2005-05-09 / Other News

In high demand, Air Force commandos must find new ways to cope with stress of duty

Master Sgt. Bart Decker, an 18-year Air Force combat controller from Air Force Special Operations Command at Hurlburt Field, Fla., rides horseback with the Northern Alliance in Afghanistan in this undated photo provided by the U.S. Air Force. Decker and his fellow combat controllers provided air traffic control support for aircraft supporting Operation Enduring Freedom. 
(AP Photo/USAF)Master Sgt. Bart Decker, an 18-year Air Force combat controller from Air Force Special Operations Command at Hurlburt Field, Fla., rides horseback with the Northern Alliance in Afghanistan in this undated photo provided by the U.S. Air Force. Decker and his fellow combat controllers provided air traffic control support for aircraft supporting Operation Enduring Freedom. (AP Photo/USAF) HURLBURT FIELD, Fla. - In the shadow of their better-known Army and Navy counterparts, Air Force commandos have been sent into Iraq and Afghanistan so frequently that strains are showing in many corners of their secretive world.

Wear and tear on their specialized helicopters and airplanes is mounting, as is the human toll in lives lost and families separated. Spare parts are in such demand for special operations aircraft now seeing action that those remaining at Hurlburt are not fully ready for training.

“We’re wearing ‘em down,” says Lt. Col. Don Timpson of the 19th Special Operations Squadron, which trains air crews. He was referring to pilots who fly the AC-130 gunships, MC-130 Combat Talon airlifters and other specialized airplanes and helicopters that require extensive training.

Their planes are equipped with radar and electronic gear to enable them to penetrate enemy airspace undetected at night as well as guns and cannons capable of exceptionally heavy fire on a target.

Timpson and other officers are using flight simulators much more to train new pilots and keep veterans proficient because they sometimes cannot practice in the air for lack of planes. At their Hurlburt Field headquarters on Santa Rosa Sound, in Florida’s Panhandle, air commandos point with pride to the furious pace of their service in the war on terror since the Sept. 11, 2001, attacks.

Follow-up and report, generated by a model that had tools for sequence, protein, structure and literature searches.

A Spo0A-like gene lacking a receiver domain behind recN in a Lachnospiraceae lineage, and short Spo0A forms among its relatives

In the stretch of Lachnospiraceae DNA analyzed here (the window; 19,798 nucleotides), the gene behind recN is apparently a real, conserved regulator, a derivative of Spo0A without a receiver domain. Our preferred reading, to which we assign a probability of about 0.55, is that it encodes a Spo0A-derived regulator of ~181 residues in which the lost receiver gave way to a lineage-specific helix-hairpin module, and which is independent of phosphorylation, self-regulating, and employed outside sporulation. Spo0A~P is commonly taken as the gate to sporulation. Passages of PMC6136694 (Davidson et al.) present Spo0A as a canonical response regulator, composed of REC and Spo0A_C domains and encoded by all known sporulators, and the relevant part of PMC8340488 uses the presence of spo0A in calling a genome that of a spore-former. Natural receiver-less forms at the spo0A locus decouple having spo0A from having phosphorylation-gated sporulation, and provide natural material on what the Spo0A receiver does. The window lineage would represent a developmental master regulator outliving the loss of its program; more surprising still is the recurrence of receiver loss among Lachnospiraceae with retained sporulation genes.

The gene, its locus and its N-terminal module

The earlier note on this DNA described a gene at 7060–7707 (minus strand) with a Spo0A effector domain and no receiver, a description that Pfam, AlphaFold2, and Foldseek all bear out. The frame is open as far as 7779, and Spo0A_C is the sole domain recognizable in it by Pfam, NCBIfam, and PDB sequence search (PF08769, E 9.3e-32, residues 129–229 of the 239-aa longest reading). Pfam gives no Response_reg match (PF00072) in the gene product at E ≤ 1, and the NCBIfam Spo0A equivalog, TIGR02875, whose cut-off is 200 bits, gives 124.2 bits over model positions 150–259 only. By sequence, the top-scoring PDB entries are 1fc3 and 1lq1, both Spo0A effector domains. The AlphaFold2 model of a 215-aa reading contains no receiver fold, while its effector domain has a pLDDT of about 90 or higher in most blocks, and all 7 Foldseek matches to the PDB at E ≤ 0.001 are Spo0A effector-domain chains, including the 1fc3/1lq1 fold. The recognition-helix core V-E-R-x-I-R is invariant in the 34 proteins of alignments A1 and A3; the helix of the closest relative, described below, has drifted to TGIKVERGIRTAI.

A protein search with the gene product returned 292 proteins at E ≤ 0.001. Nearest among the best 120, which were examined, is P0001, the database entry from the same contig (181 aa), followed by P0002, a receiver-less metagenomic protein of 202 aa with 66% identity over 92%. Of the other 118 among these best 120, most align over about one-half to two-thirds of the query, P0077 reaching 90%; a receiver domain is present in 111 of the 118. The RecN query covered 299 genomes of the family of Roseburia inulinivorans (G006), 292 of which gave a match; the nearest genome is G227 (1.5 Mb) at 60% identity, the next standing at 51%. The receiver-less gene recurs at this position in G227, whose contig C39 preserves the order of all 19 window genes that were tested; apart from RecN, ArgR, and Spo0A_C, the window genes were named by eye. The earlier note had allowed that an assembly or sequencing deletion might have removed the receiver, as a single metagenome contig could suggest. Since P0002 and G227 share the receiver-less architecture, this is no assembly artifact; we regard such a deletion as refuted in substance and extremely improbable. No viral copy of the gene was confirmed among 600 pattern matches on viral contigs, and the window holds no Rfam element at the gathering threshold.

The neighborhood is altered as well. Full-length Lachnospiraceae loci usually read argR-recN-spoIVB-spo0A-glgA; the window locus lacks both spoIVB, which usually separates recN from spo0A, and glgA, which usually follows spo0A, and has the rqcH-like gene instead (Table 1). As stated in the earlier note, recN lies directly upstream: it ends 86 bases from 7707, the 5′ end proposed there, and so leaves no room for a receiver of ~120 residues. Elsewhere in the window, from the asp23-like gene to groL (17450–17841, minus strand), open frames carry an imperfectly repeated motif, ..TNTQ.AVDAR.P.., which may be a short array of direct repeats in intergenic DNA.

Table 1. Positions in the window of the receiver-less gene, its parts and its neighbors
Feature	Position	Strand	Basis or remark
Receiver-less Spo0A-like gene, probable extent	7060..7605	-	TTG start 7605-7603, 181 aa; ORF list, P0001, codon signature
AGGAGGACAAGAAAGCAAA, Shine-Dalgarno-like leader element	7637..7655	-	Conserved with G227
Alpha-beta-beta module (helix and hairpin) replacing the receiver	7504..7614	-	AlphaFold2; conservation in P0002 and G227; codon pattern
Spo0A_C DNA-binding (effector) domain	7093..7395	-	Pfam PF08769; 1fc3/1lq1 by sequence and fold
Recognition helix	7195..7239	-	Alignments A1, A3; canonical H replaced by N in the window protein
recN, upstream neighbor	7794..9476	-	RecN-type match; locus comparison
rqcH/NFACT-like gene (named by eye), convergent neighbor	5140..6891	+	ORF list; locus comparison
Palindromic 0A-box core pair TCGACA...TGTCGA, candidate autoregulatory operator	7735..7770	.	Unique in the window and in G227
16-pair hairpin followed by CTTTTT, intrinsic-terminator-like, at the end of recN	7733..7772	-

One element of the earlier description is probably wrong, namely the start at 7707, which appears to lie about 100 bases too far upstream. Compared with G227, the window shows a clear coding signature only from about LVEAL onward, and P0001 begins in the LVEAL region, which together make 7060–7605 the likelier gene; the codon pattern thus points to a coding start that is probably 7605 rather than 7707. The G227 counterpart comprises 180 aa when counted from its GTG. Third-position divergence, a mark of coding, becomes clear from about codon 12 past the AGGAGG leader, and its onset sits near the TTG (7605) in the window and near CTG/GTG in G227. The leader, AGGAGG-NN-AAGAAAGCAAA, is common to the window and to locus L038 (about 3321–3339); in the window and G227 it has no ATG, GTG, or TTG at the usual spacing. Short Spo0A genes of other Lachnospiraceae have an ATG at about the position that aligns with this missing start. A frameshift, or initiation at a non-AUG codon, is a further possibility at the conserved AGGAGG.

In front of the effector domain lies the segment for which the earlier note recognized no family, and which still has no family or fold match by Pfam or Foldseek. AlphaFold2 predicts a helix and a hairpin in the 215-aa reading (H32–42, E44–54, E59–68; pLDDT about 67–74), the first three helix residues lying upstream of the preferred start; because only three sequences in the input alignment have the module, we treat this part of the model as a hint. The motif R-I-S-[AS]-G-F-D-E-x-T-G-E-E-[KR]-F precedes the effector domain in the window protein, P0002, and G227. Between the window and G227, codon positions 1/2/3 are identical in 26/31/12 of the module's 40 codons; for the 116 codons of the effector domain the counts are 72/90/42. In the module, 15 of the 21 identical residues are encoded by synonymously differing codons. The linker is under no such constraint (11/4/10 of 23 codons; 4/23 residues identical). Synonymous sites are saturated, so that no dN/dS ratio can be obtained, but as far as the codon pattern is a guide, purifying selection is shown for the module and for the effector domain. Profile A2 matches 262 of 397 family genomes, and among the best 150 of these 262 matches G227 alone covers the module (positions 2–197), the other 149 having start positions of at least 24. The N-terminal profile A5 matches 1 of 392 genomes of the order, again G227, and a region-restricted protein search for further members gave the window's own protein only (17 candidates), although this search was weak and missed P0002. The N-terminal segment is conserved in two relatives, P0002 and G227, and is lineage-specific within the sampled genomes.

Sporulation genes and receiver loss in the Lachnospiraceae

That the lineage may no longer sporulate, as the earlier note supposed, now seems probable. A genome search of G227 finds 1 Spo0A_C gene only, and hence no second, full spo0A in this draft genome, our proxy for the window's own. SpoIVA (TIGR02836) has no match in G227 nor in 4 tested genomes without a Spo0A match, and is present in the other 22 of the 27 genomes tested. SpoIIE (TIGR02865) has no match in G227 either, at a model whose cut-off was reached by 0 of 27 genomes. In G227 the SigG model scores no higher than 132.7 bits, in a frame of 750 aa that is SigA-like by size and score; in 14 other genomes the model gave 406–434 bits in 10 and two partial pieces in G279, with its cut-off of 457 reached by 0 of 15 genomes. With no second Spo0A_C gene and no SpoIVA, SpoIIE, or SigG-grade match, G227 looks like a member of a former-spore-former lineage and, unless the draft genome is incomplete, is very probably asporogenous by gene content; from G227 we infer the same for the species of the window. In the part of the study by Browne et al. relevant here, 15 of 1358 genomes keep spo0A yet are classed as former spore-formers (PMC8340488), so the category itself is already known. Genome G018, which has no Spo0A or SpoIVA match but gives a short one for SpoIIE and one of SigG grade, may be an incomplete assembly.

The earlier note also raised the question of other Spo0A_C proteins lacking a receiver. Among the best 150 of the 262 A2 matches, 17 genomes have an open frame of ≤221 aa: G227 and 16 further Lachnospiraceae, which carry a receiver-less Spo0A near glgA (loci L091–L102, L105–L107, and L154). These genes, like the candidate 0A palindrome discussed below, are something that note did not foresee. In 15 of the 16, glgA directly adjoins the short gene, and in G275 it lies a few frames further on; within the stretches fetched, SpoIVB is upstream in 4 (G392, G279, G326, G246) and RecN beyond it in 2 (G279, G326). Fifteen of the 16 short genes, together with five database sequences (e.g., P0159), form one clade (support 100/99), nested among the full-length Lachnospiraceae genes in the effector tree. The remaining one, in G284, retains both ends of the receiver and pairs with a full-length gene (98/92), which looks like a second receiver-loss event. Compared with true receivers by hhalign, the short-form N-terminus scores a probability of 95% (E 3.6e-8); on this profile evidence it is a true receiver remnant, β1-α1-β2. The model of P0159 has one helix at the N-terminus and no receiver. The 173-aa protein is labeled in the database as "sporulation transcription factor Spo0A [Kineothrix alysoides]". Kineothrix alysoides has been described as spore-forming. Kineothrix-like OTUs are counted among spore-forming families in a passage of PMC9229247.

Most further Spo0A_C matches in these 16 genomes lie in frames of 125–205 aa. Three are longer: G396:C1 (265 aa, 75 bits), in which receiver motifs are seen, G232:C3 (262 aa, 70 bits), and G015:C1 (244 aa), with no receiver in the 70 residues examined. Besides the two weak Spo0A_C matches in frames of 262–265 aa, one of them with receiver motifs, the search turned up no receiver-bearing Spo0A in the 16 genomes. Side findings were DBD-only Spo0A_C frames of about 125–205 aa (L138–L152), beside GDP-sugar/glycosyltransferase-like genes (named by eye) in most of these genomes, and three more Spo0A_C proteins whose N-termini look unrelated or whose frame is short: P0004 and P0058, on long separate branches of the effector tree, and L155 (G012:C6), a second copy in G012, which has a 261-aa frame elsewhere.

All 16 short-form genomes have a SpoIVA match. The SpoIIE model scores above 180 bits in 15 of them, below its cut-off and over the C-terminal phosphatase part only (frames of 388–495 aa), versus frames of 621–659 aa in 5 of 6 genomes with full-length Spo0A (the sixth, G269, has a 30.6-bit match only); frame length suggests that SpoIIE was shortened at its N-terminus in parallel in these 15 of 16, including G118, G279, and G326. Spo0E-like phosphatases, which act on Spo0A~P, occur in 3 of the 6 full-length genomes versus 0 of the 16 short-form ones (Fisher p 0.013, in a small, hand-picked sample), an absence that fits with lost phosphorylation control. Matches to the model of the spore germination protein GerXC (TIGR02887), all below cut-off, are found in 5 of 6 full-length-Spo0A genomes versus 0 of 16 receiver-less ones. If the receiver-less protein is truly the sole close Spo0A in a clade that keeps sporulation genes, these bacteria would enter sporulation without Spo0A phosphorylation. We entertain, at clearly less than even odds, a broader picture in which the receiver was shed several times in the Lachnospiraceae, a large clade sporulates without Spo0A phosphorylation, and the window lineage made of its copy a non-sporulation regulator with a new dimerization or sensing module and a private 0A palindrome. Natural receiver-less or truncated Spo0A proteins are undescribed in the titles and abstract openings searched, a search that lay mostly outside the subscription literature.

“We are going just full throttle” to get additional air commandos trained, said Col. Thomas Hull, vice director of operations for Air Force Special Operations Command.

One unit, the 8th Special Operations Squadron, was the most-deployed squadron in the entire active-duty Air Force in 2002 and 2003. It flies the MC-130E Combat Talon I, now in its fifth decade of use to deliver and retrieve forces behind enemy lines. Likewise, elements of the 20th Special Operations Squadron, which flies the MH-53J Pave Low helicopter, have been serving in Afghanistan and Iraq almost continuously since September 2001. Finally getting a six-month break, all members of the unit were home together for the first time last Christmas. Now some are back in Iraq for another tour.

Smaller in number than the Army’s Green Berets and less glamorized than the Navy’s SEALs, the Air Force’s 12,000 special operations airmen are rarely mentioned publicly for their contributions during the invasions of Iraq and Afghanistan and the hunt for terrorists.

One such unit, the 24th Special Tactics Squadron, is among secretive “special mission units,” including the Army’s Delta Force and the Navy’s SEAL Team 6, used for counterterrorism and other secret operations not publicly acknowledged by the government.

Much of their work is classified. But they were featured in 2001 photos showing U.S. troops riding horseback with Afghan fighters in northern Afghanistan as they located targets for airstrikes against the Taliban. And Air Force commandos were among the first U.S. troops to cross into Iraq at the start of the war.

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